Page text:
BERLIN, Sept 2 It is not yet certain Germany can
refrain from any net new borrowing in 2015 as set down in its
draft federal budget, a senior lawmaker from Chancellor Angela
Merkel's Christian Democrats (CDU) said on Tuesday.
Norbert Barthle, budget committee leader for the CDU, warned
that official data on Monday showing a federal surplus of 4
billion euros in the first half of 2014 - Germany's first since
1991 - was just a preliminary result.
Reports about surpluses running into the billions ignored
the role of one-off effects or the fact this surplus was already
factored in, he said. He also warned that crises abroad could
have negative economic effects.
The Bundesbank's billions in profit, a shrinking interest
burden and high employment were key factors in the surplus.
"Even if the first half of this year went well for Germany
as a whole and for the federal government, no one should be
misled: this is a pleasing intermediate result which does not
give any scope to spend more in the coming year," Barthle said
after a meeting of the ruling coalition's budget experts.
"We have not reached our goal yet," he said, adding the
government would, however, do everything it could to put a stop
to net new borrowing next year.
Germany is under pressure from European partners like France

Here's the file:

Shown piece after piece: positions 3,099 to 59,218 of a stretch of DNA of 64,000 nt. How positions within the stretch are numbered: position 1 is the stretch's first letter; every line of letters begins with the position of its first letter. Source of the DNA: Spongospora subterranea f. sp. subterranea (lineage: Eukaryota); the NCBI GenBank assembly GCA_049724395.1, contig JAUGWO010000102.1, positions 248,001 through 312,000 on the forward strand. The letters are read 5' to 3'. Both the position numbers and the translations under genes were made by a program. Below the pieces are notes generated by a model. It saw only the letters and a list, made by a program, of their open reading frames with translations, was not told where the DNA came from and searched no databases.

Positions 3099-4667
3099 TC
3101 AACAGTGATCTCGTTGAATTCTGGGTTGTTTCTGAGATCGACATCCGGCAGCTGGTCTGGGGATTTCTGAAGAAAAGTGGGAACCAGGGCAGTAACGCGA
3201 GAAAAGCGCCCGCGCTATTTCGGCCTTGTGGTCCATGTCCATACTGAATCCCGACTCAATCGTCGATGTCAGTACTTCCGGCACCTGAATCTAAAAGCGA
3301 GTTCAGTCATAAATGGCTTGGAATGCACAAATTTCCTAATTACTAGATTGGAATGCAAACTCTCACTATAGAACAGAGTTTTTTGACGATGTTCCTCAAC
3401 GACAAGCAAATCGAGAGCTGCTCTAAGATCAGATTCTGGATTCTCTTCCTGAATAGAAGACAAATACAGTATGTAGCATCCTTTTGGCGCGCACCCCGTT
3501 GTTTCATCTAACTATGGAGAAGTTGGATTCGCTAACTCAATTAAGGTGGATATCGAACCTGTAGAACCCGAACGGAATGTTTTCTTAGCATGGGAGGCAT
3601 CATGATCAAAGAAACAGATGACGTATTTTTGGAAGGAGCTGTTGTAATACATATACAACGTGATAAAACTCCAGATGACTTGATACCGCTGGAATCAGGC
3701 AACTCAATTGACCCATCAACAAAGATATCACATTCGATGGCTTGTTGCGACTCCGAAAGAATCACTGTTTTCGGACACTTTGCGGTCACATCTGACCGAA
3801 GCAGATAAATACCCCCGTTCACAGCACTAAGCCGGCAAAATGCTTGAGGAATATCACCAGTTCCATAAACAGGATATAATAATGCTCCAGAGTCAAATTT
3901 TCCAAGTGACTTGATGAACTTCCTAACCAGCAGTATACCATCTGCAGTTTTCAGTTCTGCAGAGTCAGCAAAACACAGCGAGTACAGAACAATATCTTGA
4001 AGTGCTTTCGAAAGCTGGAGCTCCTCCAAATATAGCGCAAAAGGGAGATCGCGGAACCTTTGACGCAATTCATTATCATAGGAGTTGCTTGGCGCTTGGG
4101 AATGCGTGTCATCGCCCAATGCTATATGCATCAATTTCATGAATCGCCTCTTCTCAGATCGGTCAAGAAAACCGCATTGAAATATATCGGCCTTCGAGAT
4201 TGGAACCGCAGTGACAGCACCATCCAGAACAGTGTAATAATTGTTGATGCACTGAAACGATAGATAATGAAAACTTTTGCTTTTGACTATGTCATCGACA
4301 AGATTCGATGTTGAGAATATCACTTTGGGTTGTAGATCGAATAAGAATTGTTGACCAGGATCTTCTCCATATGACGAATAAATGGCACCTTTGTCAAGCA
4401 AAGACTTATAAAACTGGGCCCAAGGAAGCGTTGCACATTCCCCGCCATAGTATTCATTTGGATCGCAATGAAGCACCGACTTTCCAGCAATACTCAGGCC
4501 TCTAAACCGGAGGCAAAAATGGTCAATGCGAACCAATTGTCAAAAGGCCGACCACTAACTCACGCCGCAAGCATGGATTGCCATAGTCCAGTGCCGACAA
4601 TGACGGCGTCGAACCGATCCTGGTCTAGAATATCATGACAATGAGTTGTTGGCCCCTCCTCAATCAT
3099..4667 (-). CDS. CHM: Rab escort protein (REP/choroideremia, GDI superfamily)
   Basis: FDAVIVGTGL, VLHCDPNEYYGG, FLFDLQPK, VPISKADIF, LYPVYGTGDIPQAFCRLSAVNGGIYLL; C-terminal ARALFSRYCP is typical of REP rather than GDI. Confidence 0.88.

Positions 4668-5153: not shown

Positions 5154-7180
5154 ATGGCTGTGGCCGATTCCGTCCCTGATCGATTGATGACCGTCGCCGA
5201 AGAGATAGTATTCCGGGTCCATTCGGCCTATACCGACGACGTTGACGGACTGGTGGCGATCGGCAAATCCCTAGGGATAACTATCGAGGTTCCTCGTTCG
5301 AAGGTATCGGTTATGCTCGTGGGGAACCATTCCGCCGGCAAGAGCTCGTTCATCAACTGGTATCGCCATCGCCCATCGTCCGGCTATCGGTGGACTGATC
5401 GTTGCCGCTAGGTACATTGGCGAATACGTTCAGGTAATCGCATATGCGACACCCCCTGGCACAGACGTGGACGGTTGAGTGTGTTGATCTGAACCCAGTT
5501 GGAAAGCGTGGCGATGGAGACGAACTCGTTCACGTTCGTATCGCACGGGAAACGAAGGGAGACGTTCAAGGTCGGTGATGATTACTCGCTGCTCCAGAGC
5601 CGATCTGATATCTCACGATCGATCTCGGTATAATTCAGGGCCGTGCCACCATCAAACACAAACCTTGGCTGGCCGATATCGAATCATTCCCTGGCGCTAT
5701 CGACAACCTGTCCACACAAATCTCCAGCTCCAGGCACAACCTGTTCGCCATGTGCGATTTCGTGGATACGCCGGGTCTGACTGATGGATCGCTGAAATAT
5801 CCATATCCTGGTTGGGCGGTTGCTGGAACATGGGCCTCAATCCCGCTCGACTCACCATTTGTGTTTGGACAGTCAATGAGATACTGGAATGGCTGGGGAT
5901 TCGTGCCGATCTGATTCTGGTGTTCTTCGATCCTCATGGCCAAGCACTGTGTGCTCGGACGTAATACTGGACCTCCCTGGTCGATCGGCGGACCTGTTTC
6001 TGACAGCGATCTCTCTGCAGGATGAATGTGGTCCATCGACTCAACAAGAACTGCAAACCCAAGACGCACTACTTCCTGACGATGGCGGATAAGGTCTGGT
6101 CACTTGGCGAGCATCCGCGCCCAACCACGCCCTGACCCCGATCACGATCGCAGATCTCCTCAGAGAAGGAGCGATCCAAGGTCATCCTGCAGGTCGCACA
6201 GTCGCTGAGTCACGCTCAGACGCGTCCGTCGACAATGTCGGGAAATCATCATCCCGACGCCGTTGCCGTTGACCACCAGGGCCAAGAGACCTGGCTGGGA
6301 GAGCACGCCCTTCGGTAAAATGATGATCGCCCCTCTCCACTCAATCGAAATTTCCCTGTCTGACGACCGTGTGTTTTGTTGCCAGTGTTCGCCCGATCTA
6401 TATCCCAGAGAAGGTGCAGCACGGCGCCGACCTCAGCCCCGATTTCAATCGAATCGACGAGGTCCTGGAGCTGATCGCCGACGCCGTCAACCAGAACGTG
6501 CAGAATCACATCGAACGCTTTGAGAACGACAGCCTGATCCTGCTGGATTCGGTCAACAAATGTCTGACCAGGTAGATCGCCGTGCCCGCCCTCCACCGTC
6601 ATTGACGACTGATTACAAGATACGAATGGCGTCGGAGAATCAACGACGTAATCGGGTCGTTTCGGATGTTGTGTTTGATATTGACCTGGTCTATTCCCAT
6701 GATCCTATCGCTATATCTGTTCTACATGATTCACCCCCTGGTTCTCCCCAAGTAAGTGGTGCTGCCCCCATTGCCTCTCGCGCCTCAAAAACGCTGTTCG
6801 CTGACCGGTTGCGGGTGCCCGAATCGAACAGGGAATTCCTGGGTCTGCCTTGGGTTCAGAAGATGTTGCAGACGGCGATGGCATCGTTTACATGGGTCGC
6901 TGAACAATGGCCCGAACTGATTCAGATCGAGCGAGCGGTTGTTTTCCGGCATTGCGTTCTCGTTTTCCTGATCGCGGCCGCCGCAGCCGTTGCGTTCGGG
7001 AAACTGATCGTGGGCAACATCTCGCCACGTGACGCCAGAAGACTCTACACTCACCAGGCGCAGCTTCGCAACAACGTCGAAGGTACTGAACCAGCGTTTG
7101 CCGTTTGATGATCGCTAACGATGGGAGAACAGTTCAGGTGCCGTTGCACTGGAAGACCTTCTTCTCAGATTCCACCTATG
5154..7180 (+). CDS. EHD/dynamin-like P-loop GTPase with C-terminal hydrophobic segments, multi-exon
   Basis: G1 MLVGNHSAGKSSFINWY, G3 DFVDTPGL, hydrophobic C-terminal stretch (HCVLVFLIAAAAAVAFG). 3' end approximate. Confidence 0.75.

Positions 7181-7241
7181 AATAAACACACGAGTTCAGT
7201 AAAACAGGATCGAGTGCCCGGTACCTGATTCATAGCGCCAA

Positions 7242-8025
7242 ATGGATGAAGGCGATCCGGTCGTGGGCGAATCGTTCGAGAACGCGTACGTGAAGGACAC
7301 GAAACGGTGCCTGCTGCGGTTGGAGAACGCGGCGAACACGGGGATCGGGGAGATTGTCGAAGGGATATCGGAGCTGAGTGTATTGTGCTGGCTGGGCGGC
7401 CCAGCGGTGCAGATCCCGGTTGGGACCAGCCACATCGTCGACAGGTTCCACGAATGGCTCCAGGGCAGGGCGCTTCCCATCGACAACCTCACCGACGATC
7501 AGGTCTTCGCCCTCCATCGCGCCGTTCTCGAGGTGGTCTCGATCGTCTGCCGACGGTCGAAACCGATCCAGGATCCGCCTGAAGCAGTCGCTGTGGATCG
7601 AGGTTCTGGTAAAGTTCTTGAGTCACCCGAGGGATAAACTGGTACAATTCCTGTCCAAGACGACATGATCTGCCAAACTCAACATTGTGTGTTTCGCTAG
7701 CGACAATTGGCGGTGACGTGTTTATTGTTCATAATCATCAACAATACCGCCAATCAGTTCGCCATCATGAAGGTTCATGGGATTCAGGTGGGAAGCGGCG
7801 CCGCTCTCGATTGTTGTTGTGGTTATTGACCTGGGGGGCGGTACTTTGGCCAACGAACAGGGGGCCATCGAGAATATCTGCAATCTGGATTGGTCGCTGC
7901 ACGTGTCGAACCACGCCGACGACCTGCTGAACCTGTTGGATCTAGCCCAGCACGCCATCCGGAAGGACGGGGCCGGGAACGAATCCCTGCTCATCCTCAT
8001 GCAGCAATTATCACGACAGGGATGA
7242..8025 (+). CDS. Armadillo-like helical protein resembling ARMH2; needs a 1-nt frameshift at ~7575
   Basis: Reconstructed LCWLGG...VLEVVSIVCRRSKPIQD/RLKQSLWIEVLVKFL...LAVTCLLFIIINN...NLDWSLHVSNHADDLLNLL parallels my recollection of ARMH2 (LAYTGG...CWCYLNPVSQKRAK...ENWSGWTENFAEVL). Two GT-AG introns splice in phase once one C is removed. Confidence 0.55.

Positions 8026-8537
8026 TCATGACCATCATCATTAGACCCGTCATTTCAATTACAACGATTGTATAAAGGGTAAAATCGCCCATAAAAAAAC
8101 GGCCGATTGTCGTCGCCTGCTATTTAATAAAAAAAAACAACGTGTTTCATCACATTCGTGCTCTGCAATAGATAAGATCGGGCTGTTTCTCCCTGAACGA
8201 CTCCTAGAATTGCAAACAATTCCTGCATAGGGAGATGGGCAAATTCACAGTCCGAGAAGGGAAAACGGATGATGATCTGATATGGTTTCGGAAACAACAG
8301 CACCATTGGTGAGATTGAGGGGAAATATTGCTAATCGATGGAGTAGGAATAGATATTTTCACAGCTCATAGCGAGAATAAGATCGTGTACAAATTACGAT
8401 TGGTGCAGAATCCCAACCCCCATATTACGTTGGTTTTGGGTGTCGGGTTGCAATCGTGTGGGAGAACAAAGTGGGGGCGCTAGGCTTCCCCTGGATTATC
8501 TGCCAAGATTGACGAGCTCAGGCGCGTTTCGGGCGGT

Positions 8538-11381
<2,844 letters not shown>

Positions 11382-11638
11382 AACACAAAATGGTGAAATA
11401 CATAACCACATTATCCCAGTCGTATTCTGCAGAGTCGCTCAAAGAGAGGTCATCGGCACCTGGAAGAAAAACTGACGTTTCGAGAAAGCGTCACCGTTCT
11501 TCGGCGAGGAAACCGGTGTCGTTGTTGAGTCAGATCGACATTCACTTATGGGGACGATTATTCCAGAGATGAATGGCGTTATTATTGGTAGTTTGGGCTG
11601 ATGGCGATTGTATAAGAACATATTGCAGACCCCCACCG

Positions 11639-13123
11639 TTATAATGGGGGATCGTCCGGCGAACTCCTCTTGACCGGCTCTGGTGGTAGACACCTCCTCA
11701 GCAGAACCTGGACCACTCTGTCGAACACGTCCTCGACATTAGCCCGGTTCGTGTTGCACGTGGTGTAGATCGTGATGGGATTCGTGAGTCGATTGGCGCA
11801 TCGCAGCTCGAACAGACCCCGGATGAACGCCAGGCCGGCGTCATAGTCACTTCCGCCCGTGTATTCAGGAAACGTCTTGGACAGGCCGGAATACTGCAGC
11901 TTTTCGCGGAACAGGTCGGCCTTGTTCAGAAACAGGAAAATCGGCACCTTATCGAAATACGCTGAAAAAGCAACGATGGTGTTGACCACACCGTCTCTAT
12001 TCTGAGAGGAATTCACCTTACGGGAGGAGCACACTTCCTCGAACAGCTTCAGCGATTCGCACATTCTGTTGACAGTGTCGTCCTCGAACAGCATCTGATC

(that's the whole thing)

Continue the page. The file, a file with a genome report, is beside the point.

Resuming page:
and Italy to spend more to help bolster economic growth and
job-creation in Europe and allow greater fiscal leeway.
Barthle said the 2015 budget would undergo changes in
parliamentary consultations and would be adjusted to reflect
economic developments and current political events.
But he said: "If there are opportunities to increase
investment, we will take them."
In the first half of the year Germany's overall budget
surplus, which groups federal, state and local governments and
the social security system, was the biggest since reunification.
The finance ministry expects 6.5 billion euros of net new
borrowing in 2014 but plans no net new borrowing next year for
the first time since 1969.
Merkel said last week she favoured debt redemption at
federal level after the state of Saxony paid back some debts,
but she toned this down on Monday, saying she did not expect
this before the end of her current term in 2017.
(Reporting by Matthias Sobolewski; Writing by Michelle Martin;
Editing by Stephen Brown and Tom Heneghan)